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See What I Have Done


See What I Have Done

Most Americans have at least a passing familiarity with the infamous 1892 Lizzie Borden murders, if only from the “Lizzie Borden took an axe…” children’s rhyme. However, many people may not know that the Borden home in Fall River, Massachusetts, is now not only a museum but also a bed and breakfast. They also almost certainly are not aware of the full realm of the story, or the cast of characters involved. Sarah Schmidt’s debut novel, SEE WHAT I HAVE DONE, aims to bring the Lizzie Borden story out of obscurity (or a trivial schoolyard rhyme) and give it the subtlety and ambiguity it deserves.

In Schmidt’s version, the events of August 4, 1892 (the day of the murders) and the previous day are recounted from four different narrators. There’s Lizzie herself, of course, a woman who seems to have been emotionally stunted after the death of her mother, who fears her abusive father and is both repulsed and disappointed by her stepmother. There’s Lizzie’s sister Emma, who harbors both artistic aspirations of her own and a long-standing resentment toward what she perceives as their father’s preferential treatment of Lizzie. Emma’s recent departure from the family home seems to have added to Lizzie’s agitation and general unhappiness, as well as to the existing tensions in the home.

"[Schmidt's] intimate portrait and carefully restrained approach ramp up the suspense, making the novel feel contemporary despite its century-old subject matter."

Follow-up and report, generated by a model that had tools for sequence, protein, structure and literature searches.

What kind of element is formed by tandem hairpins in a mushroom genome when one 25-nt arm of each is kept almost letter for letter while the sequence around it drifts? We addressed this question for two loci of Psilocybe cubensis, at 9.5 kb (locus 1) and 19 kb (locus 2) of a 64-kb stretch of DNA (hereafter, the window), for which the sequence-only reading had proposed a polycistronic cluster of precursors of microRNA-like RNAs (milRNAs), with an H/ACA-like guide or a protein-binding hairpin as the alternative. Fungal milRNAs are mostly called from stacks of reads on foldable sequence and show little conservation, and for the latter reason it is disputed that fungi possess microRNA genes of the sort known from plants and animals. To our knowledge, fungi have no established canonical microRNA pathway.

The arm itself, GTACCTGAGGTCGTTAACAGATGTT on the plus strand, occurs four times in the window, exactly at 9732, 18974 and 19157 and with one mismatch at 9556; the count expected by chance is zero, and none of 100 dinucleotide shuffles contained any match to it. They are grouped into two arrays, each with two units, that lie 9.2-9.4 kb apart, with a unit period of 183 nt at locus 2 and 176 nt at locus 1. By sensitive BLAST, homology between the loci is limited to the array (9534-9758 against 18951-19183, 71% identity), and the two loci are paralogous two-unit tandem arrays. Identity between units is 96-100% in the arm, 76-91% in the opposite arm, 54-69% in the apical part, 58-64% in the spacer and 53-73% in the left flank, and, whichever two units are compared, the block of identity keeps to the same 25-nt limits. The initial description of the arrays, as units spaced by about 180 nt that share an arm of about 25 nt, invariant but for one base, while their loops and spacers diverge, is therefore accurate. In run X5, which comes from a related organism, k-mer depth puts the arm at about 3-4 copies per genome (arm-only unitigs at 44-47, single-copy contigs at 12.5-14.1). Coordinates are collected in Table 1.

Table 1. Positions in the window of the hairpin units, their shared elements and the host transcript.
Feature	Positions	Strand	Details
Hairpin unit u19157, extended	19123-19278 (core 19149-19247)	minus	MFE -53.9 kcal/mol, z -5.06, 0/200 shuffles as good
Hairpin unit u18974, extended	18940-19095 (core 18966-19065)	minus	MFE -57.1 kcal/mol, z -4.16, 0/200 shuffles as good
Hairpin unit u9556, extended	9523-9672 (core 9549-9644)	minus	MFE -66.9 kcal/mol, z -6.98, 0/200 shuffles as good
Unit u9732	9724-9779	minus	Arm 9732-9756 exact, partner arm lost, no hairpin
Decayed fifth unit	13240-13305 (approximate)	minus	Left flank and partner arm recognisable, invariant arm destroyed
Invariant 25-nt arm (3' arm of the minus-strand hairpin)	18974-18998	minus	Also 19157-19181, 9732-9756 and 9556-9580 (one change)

There’s also the family maid, Bridget, an Irish immigrant who desires to leave service for a family whose secrets she’s seen far too closely. But her intentions to depart put her at odds with Mrs. Borden, who is essentially holding her hostage financially. And finally, there’s Benjamin, a stranger from out of town whose chance encounter with Lizzie’s uncle, her dead mother’s brother with an agenda of his own, may upend the conventional understanding of the Borden murders.

SEE WHAT I HAVE DONE is well researched and heavily based on the documented history of the Borden murders. Like the best historical novels, though, it also finds and explores the gray areas in the story, the places not fully covered by the historical record, and that’s where the “real” story resides. The technique of using multiple narrators with overlapping points of view helps contribute to this intricacy. Schmidt’s writing also adds artistry and, surprisingly, moments of beauty to the narrative.

Schmidt focuses especially on the small sounds and tiny domestic details that characterize life in the Borden household. Unlike many historical novels, this book doesn’t provide a lot of atmospheric details about Fall River or late-19th-century New England. Instead, its attention is focused on the interiority of the Borden house, adding to the sense of claustrophobia that pervades the narrative. Thanks to Schmidt’s skillful storytelling, readers will understand why Lizzie has (perhaps) gotten a bit unhinged and why Emma and Bridget are so eager to escape. Her intimate portrait and carefully restrained approach ramp up the suspense, making the novel feel contemporary despite its century-old subject matter.

Reviewed by Norah Piehl on August 18, 2017

See What I Have Done
by Sarah Schmidt